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New Leads In Abt's 'Sleeping Beauty'

March 09, 1987|LEWIS SEGAL

New principals joined previously reviewed colleagues Friday in Shrine Auditorium for a performance of the American Ballet Theatre's "Sleeping Beauty" marked by great warmth and vivacity. Obviously, Petipa can't be conquered by personality alone, but it certainly helps.

Cheryl Yeager made an admirably spirited Aurora, and she flew through the allegro variation after the Rose Adagio as if happy to remain earthbound. Generally, though, her dancing had little bloom, polish or distinction. It was mostly efficient but, at worst (in many terminations), grew shaky.

Notwithstanding his inescapable problems of line, Julio Bocca was a fine Desire: an unusually hot-blooded Prince and a master of the role's technical hazards. His dancing in the last act's duet had ideal speed, elevation and sharpness, along with refinement and individuality.

As the Lilac Fairy, Christine Dunham revealed enough strength of character to stand up to the forces of evil. But her dancing looked oddly dry and constricted, and her execution of the pantomime often proved unreadable.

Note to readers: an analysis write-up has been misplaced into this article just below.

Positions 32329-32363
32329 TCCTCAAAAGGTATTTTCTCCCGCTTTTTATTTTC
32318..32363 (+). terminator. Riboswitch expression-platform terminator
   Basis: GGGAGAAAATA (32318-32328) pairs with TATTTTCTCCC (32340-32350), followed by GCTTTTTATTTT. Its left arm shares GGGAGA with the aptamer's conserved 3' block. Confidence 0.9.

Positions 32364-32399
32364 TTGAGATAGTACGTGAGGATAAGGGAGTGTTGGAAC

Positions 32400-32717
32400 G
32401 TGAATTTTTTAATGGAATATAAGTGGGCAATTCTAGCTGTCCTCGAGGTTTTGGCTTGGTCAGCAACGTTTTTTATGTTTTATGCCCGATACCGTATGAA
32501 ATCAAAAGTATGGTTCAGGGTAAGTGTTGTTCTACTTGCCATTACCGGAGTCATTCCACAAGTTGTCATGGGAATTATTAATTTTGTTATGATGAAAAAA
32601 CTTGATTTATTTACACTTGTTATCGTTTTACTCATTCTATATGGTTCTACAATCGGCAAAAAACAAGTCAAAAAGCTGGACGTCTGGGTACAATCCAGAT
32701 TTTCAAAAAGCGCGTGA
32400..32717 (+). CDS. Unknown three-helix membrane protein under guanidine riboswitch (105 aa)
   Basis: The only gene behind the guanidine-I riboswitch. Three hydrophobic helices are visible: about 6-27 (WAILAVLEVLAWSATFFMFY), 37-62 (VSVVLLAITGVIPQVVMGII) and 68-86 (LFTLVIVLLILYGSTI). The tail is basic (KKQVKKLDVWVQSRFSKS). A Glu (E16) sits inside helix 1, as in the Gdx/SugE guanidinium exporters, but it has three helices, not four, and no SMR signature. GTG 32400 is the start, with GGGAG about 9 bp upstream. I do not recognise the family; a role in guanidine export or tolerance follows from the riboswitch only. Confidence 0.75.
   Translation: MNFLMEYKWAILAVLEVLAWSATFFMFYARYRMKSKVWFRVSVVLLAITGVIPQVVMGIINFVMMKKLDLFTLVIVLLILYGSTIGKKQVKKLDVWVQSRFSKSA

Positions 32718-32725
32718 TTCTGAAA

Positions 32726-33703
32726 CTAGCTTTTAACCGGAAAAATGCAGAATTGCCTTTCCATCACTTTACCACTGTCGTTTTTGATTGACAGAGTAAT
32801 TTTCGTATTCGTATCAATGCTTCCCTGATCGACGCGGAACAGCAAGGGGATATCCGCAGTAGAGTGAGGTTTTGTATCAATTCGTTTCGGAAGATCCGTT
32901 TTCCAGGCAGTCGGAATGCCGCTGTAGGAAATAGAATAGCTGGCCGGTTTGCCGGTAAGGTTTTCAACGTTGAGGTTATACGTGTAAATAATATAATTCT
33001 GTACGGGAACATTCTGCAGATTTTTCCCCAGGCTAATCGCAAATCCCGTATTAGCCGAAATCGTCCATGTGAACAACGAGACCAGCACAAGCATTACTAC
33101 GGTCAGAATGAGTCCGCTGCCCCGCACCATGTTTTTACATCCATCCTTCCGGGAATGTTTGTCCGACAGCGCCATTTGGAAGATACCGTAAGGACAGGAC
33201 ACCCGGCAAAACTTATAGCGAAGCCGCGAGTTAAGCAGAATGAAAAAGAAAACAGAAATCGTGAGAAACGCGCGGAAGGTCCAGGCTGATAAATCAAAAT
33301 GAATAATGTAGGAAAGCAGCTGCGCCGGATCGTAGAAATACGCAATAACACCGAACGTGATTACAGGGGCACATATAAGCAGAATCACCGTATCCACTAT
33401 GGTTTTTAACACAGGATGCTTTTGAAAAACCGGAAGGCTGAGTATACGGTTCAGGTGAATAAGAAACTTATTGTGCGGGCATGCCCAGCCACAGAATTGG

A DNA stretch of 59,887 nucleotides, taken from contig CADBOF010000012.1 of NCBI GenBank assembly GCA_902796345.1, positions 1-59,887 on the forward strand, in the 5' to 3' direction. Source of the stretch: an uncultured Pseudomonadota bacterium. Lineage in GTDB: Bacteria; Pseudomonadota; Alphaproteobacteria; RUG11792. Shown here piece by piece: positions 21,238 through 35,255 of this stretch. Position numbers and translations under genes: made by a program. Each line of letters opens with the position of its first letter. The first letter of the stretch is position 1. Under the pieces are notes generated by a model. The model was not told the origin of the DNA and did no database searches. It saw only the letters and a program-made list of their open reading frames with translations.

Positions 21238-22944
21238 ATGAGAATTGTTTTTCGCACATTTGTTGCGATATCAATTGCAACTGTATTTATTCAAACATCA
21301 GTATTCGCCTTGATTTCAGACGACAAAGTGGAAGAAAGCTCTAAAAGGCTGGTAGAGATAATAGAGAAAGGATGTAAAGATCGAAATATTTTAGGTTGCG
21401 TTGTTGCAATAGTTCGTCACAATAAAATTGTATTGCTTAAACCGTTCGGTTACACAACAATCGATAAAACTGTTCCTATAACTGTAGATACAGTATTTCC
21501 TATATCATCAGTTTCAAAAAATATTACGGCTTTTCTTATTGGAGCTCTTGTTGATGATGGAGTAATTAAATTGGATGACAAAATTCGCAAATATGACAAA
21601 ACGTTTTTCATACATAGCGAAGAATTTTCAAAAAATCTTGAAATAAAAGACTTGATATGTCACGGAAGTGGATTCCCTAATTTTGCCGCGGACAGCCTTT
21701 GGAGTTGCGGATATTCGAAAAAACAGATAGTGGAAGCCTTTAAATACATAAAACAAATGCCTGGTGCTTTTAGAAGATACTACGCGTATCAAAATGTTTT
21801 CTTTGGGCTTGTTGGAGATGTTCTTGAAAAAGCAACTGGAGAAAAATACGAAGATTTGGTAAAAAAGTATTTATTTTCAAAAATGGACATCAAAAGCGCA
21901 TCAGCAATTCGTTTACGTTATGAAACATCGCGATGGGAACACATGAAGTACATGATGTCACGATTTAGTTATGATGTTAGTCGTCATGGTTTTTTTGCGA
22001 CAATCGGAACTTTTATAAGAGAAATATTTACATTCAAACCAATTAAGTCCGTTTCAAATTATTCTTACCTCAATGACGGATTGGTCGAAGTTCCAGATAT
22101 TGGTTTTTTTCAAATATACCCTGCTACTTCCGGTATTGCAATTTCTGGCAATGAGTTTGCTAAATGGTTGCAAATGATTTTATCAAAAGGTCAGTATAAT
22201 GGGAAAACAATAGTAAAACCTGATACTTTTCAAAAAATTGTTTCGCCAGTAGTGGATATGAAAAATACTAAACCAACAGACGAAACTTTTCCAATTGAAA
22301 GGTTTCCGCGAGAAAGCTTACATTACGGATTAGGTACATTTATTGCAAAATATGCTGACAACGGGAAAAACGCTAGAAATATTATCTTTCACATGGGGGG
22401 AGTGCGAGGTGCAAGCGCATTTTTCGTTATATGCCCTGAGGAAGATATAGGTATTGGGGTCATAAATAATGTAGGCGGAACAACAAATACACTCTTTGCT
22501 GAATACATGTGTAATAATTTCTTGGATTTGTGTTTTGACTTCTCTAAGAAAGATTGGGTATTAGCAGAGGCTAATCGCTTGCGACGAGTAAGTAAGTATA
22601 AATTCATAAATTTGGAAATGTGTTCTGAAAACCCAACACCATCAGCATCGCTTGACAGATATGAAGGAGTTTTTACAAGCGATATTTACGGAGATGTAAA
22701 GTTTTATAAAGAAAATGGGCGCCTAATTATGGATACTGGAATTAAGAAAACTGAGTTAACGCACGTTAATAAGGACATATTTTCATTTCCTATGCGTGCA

Los Angeles Times Tuesday March 10, 1987 Home Edition Calendar Part 6 Page 3 Column 1 Entertainment Desk 2 inches; 40 words Type of Material: Correction
An editing error in Monday's Calendar distorted the evaluation of Cheryl Yeager's dancing in the American Ballet Theatre's "Sleeping Beauty." The passage in question should have read: "She flew through the allegro variation after the Rose Adagio as if too happy to remain earthbound."

The hard-working Gold soloist, Gil Boggs, gave his bravura passages an inappropriate bumptious quality, but the new Bluebird, John Gardner, boasted positively fleecy batterie-- though his heavy landings, rough partnering and occasional problems of placement made his contribution, too, a disappointment. Maybe in another hundred years. .

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